After eight weeks of being locked inside our Brooklyn apartment, I started to get the itch. Naturally I’d been thinking about how to best use this time. I was planning to get started on my book proposal, and it also seemed like a good time to start trying for baby.

Problem was, my doctor’s office was still closed. So I found these womens’ health clinics they had opened throughout the city in response to the pandemic, and much to Jared’s dismay, I walked 40 minutes to a questionable location in downtown Brooklyn for an appointment in early May. 

Shortly thereafter I went deep into the world of operation prepare for pregnancy. If you know me, you know I love to learn. To research. To throw myself into something and learn everything there is to know about it. Fertility became my passion, my first hobby to save me from the throes of boredom of 2020. (I wrote more about everything I learned here, ICYI.) 

Most of my obsession was healthy – I was cooking up organic grass-fed beef liver, optimizing my prenatal vitamins, switching to all-natural everything – but where it veered off was in this idea that my body had to be in perfect condition. Not how I looked, but how things were running on the inside, things like my digestion, or how well I was sleeping. 

I was worried about my bladder, because I was having to get up to pee at least once or twice a night, and something just felt a little off, possibly nerve-related. A voice inside told me to try quitting coffee. I realized I’d been addicted to caffeine for, I don’t know, 20 years? Maybe it was time to give my nervous system a bit of a break. Plus the fact that caffeine isn’t exactly recommended as a pregnancy superfood.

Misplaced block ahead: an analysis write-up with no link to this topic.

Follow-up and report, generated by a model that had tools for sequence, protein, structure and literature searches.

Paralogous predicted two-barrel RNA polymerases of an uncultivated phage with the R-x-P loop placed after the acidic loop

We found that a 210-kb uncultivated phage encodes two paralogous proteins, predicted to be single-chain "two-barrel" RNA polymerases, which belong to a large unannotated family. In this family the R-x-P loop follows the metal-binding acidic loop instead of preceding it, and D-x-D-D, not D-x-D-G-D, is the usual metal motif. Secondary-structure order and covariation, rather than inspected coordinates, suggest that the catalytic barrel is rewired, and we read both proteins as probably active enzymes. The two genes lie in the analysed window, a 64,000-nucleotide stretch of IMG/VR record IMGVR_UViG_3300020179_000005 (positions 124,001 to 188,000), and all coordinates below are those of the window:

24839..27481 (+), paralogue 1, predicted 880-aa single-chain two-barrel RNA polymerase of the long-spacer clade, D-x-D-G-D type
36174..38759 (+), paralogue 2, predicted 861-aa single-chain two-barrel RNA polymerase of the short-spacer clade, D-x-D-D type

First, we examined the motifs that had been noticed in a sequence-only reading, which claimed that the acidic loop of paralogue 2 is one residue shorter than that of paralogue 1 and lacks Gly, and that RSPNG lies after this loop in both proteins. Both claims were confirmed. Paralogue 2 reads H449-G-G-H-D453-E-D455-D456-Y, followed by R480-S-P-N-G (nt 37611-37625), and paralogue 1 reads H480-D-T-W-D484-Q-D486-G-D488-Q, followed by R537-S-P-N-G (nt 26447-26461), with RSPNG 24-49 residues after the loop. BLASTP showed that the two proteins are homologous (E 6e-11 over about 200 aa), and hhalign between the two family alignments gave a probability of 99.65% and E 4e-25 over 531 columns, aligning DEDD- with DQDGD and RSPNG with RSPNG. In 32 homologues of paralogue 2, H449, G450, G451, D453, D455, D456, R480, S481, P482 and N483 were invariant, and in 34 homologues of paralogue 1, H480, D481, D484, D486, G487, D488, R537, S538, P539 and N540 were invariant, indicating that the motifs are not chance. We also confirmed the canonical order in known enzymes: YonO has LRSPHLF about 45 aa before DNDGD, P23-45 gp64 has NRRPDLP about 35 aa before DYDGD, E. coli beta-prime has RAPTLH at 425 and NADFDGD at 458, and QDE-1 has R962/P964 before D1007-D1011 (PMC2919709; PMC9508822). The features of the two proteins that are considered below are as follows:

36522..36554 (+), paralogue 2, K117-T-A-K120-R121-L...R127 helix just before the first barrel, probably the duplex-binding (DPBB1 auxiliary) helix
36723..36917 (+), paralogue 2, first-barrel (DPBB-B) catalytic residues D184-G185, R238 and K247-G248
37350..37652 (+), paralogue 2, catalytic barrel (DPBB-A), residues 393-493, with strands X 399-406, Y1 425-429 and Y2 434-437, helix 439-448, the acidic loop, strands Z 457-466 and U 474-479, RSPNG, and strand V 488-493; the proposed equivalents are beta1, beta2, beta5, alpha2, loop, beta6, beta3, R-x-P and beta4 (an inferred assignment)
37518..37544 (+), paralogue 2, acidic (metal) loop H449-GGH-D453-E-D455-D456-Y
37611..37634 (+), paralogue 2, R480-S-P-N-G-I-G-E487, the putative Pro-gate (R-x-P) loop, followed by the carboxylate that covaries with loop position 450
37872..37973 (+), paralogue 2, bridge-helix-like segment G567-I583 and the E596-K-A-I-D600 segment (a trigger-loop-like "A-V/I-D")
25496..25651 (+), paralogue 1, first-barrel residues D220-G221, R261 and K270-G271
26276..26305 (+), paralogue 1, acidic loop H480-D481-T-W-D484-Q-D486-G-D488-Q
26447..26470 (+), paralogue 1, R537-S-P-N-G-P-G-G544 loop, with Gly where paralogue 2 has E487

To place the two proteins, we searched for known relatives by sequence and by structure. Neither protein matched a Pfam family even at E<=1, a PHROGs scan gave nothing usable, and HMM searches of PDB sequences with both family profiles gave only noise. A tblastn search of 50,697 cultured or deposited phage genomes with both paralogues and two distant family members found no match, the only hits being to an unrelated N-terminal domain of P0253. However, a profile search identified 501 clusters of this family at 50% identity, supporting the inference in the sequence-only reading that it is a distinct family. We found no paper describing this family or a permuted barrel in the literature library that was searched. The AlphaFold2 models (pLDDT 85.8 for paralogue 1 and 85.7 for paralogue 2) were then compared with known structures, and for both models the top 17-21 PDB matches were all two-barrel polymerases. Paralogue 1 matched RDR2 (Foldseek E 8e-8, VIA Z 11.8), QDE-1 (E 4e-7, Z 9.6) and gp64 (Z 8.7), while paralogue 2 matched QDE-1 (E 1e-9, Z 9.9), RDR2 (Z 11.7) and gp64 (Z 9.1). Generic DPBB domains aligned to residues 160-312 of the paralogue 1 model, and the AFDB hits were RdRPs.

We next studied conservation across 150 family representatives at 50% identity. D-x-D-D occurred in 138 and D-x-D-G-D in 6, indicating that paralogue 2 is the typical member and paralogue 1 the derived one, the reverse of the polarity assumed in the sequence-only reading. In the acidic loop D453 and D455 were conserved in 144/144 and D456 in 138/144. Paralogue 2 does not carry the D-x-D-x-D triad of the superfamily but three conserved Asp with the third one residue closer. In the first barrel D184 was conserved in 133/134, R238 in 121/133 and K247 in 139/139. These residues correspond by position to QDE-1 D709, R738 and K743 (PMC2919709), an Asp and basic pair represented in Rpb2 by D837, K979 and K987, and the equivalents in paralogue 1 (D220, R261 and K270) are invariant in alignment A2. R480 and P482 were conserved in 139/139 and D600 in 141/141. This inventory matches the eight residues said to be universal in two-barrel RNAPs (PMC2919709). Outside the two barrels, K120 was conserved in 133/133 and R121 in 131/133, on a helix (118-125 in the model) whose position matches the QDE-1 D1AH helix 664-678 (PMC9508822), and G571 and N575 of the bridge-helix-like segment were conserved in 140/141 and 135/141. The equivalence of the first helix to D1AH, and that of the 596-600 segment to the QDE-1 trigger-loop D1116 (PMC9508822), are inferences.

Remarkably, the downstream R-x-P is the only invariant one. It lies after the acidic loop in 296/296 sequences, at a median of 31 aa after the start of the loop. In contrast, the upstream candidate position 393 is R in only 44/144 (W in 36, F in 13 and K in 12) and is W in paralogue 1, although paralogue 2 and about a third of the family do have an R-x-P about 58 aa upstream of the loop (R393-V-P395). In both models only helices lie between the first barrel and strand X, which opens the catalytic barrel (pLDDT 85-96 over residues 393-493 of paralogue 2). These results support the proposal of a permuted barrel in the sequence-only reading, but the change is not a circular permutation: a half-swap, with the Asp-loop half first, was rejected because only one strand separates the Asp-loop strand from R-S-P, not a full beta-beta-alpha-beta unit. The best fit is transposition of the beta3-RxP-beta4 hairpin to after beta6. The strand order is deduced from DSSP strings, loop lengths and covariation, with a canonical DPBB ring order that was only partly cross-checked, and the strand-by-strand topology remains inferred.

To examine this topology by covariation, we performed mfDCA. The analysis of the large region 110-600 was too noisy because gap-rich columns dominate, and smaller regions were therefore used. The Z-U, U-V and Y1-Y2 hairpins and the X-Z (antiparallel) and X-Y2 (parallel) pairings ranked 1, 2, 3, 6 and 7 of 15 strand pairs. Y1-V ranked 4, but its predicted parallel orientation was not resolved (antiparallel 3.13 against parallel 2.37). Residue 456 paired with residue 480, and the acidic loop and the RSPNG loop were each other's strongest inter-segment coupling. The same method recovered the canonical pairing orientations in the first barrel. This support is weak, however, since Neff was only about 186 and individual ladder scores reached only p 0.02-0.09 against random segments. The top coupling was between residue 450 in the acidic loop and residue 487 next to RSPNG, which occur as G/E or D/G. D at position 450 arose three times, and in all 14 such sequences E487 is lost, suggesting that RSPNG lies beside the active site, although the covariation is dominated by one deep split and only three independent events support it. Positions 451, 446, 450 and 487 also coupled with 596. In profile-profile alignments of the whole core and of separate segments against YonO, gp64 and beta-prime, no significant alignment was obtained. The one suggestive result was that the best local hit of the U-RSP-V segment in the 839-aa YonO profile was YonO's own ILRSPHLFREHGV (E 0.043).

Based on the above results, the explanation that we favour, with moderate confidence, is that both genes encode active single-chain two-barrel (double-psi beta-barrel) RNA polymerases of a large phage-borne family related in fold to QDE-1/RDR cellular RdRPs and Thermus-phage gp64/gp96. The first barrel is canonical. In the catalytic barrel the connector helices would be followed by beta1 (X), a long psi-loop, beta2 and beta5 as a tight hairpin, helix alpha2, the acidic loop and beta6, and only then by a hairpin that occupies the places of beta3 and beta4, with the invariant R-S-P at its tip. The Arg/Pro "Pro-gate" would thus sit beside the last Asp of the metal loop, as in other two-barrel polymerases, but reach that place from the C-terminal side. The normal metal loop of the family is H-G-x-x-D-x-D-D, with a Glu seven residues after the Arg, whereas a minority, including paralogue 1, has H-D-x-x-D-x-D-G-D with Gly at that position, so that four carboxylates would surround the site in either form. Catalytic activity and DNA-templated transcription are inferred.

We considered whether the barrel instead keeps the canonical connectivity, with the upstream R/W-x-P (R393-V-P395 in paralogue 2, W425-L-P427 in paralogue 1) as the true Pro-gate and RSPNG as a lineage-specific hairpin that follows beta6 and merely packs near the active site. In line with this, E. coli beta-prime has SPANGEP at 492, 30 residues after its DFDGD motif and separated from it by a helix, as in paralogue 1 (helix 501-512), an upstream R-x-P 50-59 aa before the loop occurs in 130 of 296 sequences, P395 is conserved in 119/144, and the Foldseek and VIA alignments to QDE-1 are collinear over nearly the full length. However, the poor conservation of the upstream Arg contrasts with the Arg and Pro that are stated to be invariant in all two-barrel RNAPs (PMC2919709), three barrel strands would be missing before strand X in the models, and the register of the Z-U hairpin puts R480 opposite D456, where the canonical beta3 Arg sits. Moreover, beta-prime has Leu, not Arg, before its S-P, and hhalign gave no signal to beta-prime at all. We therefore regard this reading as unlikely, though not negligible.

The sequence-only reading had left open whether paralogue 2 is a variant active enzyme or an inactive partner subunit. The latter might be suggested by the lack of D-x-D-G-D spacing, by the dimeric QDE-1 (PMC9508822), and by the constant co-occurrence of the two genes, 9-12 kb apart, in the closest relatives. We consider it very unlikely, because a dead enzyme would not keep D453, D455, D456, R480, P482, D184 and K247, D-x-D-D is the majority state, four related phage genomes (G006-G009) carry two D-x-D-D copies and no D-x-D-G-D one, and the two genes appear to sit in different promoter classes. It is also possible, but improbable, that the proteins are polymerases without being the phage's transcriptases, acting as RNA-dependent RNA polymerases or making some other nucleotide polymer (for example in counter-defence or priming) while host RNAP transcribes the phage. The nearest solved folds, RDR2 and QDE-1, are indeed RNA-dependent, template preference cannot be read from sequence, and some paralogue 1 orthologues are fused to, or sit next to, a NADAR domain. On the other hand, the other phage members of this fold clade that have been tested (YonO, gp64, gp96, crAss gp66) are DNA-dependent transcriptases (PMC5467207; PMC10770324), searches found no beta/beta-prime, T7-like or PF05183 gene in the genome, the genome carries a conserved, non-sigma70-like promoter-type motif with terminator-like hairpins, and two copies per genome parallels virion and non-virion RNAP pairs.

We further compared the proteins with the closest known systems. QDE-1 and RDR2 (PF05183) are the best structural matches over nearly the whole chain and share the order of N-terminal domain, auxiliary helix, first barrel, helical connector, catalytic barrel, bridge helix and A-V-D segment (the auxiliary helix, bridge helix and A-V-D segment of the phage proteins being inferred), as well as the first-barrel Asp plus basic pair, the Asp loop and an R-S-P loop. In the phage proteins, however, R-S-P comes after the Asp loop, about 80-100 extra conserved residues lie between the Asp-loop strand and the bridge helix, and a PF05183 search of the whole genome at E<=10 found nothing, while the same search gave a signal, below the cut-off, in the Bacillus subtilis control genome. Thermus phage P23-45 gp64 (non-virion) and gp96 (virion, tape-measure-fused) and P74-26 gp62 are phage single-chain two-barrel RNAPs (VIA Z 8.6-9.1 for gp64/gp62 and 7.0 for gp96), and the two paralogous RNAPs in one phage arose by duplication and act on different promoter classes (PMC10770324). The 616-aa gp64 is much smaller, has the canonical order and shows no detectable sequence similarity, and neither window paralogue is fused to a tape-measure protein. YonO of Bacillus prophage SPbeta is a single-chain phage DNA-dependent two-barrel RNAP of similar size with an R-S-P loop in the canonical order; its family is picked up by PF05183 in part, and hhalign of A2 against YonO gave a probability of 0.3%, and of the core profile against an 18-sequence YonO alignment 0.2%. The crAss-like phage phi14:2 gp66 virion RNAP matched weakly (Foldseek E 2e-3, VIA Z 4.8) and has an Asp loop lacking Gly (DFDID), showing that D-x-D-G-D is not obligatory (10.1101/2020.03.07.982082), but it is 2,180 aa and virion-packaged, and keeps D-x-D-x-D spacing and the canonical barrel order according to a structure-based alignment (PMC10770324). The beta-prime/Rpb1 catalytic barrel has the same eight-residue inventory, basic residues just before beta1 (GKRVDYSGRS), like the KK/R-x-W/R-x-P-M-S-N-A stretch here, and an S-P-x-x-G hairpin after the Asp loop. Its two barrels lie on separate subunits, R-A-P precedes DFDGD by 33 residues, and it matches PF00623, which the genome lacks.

I don’t like to feel like something external is in control of me (hence why I never fell into the deep end of addiction as the daughter of two addict parents) so quitting wasn’t difficult. On top of this I was just plain curious: After living on a substance daily for 20+ years, what would happen? Life is too short not to answer such curiosities.

I had a horrible headache for a few days, and then I started feeling better. I will say I don’t know that I ever felt like “myself” again, or at least the caffeinated version of myself that I’d known for most of my life. But all of this felt good, I felt closer to wholeness, a natural human being. Until my digestion stopped working. Now I had a new problem to deal with. 

I remember being on the phone with a friend, a mother of two.

“Listen, you’re gonna get pregnant when you’re meant to get pregnant. It doesn’t matter if you’re constipated, if you think you’re peeing too much, it doesn’t matter what’s going on.” And the way she gently laughed off what I was saying, I knew she was right.

I knew I needed to let go, to just let my body be its imperfect self. I wasn’t going to solve all of these problems and I knew the truth: I didn’t need to.

Then there were the moon cycles. My period had been in line with the new moon for months. I would bleed with the new moon, and ovulate with the full moon. This is what’s known as the White Moon Cycle. Because biodynamics have shown that the earth is most fertile during the full moon, this cycle is thought to be associated with fertility. 

I was feeling very good about this, even as I got my period for the first time, and then the second. (If you’ve ever tried getting pregnant before, getting your period isn’t usually the happiest moment.) I figured it was good to have the extra time to keep eating well and preparing my body, since everything I’d been learning about said that ideally you should start this preparation process (with the right diet, prenatals, etc.) for at least three months, ideally more like six or even a year out.